In contrast to the transient STAT3 activation in normal cells, constitutive or excessive active STAT3 is frequently in many types of tumors and promotes tumorigenesis30. Abolishing STAT3 activity may be an attractive cancer therapeutic strategy, while the underlying mechanisms of STAT3 activation deregulation in cancers is largely unknown. PIAS3 is an endogenous inhibitor of STAT3 through prohibiting its DNA binding, and the loss of PIAS3 in cancers contributes to enhanced STAT3 activity and subsequent tumor growth, as well as impacts patient survival, identifying PIAS3 a promising therapeutic target12,31,32,33. However, mechanisms regulating PIAS3 downregulation in human cancers have not been comprehensively studied34,35. Here we provide evidence to connect elevated Smad6 and low PIAS3 to constitutive STAT3 activity in gliomas. A novel mechanism is revealed showing that nuclear-Smad6 acts as a novel PIAS3-interacting protein and antagonizes PIAS3-mediated STAT3 transcriptional activity inhibition by accelerating PIAS3 ubiquitination and degradation (Fig. 10).
PIAS3 acts as a “buffer” to control STAT3 activity at an appropriate level and loss of PIAS3 allows STAT3 activation to sustain transcription of genes that control tumorigenesis12. PIAS3 does not modulate the phosphorylation of STAT3, but regulates its ability to bind target DNA12,36. The present study reveals a mechanism underlying PIAS3 loss in gliomas and explains the previous finding that PIAS3 loss in gliomas at protein level, and not at mRNA level12. Our data reveal a novel Smad6–PIAS3–STAT3 axis in gliomas, contributing to our detailed understanding the importance of the Smad6–PIAS3 signaling in regulating gliomagenesis. In addition to its regulation on STAT3, PIAS3 exhibits anti-tumorigenic roles via other mechanisms, including regulating nuclear factor-κB, PI3K/AKT, and TGFβ pathways11,14,25,37, reducing the activity of transcription factors such as MITF, Oct4, and others38,39. As a SUMO (small ubiquitin-like modifier)-E3 ligase, the anti-tumor functions of PIAS3 are also associated with sumoylation enhancement and degradation of oncoproteins40,41,42, as well as a promoting regulation of p53 and ATR by inducing p53 sumoylation43,44,45. The complicated mechanisms of PIAS3 in tumorigenesis indicate that besides STAT3, other potential downstream pathways mediating the cancer-promotion of Smad6–PIAS3 axis in gliomas still need to be studied. Nevertheless, our data are an important step for understanding PIAS3 loss in gliomas and identifying new targeted therapeutic strategies. Surprisingly, the present study also showed a positive correlation between SMAD6 and PIAS3 at mRNA level in gliomas. We speculate that Smad6 may act as a promoting factor, which directly or indirectly regulates PIAS3 transcription, although whether these are parallel events cannot be ruled out. In addition, the contradictory expression patterns of PIAS3 at mRNA and protein levels may be explained by a feedback mechanism that PIAS3 protein degradation induces a responsive PIAS3 transcriptional activation.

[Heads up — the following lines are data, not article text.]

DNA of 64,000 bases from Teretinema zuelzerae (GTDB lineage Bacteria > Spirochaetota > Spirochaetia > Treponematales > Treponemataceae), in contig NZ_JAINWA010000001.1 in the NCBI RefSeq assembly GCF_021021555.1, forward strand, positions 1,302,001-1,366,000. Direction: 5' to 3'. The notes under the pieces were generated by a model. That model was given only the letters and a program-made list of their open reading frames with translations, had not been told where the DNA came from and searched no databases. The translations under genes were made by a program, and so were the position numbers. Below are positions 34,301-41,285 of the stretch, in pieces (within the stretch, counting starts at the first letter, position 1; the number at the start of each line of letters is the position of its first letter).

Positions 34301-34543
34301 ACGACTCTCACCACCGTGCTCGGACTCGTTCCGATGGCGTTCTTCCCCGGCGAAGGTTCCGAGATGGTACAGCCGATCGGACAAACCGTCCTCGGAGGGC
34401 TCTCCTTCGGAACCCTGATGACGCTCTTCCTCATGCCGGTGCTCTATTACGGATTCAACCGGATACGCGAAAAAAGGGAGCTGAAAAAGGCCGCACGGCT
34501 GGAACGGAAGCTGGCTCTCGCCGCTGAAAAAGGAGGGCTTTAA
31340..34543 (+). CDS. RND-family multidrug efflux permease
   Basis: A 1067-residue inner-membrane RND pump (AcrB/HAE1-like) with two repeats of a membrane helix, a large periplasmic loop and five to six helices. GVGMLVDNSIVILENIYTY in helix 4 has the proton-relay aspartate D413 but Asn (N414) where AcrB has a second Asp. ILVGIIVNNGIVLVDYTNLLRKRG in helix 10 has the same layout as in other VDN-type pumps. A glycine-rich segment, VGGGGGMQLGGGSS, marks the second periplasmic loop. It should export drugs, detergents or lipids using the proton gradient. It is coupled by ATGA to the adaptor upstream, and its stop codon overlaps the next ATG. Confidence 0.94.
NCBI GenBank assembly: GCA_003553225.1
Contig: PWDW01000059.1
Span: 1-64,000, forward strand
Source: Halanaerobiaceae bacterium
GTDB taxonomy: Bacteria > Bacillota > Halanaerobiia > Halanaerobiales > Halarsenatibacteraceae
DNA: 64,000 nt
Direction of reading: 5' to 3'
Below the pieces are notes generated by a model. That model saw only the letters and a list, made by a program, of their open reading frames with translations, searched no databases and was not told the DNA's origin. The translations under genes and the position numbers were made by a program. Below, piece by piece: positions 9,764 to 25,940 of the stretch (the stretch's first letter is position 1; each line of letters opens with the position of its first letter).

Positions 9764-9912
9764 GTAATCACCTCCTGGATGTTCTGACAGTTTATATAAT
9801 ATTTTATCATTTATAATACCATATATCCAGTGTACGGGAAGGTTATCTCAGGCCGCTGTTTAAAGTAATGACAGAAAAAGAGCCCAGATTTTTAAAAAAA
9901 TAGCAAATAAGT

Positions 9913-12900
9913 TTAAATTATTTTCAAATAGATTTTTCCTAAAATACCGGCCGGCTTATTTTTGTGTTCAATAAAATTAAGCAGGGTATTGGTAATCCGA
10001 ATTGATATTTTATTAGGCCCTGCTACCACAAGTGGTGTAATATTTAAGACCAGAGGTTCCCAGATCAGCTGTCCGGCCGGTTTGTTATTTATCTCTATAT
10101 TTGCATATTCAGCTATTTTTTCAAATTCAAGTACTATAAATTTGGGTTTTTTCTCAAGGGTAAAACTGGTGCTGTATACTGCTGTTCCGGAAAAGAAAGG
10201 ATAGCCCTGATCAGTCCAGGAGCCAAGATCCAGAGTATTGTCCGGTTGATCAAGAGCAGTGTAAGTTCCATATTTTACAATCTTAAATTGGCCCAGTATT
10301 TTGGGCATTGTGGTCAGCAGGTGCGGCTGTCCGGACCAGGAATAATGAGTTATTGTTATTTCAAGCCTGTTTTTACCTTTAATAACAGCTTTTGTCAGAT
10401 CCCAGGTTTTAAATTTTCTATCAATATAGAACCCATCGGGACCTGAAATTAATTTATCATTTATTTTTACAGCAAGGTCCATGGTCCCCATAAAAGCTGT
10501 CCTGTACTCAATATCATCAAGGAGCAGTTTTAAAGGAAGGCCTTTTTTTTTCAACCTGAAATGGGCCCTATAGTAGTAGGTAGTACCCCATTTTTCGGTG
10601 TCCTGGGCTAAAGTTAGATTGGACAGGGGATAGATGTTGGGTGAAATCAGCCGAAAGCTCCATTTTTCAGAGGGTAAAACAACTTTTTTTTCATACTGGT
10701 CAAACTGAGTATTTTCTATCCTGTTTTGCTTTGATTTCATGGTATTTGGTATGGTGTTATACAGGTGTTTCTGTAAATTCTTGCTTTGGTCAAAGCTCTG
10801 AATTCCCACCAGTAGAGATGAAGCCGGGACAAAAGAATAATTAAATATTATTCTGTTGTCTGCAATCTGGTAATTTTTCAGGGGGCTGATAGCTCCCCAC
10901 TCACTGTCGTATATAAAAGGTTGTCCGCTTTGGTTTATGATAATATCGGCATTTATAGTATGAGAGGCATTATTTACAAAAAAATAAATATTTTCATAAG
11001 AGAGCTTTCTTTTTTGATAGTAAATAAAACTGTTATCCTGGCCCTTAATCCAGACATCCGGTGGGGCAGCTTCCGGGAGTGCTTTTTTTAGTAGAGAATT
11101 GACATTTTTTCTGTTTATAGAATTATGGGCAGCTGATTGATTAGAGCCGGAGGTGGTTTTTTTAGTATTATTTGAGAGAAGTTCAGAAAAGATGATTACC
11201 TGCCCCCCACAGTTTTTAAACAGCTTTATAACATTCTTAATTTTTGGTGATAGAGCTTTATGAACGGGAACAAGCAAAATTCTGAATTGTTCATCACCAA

Although prior studies suggest that Smad6 is associated with tumorigenesis18,21,46 and metastasis34, little is concerning the expression, function, and mechanism of Smad6 in the glioma. The present study found that Smad6, especially nuclear-Smad6, was highly expressed in gliomas, and elevated expression of Smad6 correlated with poor survival. Functional experiments identified a key role for nuclear-Smad6 in promoting tumor sphere formation, proliferation and tumorigenesis of GBM cells. These findings, combined with those obtained from clinical tissue analysis represent strong evidence that nuclear-Smad6 is a key factor in glioma pathogenesis. As a negative regulation factor of BMP and TGFβ signaling, Smad6 mediates multiple signaling pathways and interacts with multiple proteins, such as GR, Runx2, and Tbx627,47,48. These data indicate that the tumor promotion of Smad6 in gliomas is not limited to the PIAS3/STAT3 mechanism. It is therefore necessary to further investigate and uncover its functions and underlying mechanisms of action. Although determined to be a nuclear protein, Smad6 was also found to be expressed in cytoplasm in established GBM cell lines. Interestingly, our ongoing study revealed that ectopic Smad6 is predominately expressed in cytoplasm and can act as a tumor suppressor in inhibiting migration, invasion, and metastasis. Moreover, Smad6 has also been linked to reduced cell growth and overall survival in breast and oral cancers34,35. These results further reflect its complicated functions in human cancers, depending on various conditions, such as different cell types and subcellular distribution. It also raises new questions into the causes of different subcellular distributions of Smad6.
Although PIAS3 is closely associated with STAT3 and Smad6 interacts to PIAS3, we did not observe direct interaction between Smad6 and STAT3 in glioma cells. It suggests that Smad6–PIAS3 interaction occurs separately from the STAT3–PIAS3 complex. We speculate that in normal conditions, Smad6 transiently binds PIAS3 in nuclei and regulates the PIAS3–STAT3 complex at an appropriate level and time, thus precisely maintaining STAT3 at a reasonable level; however, in cancer-inducing conditions, increased Smad6–PIAS3 interaction destroys the regulation balance and results in aberrant STAT3 transcriptional activation, as well as other oncoproteins deregulation.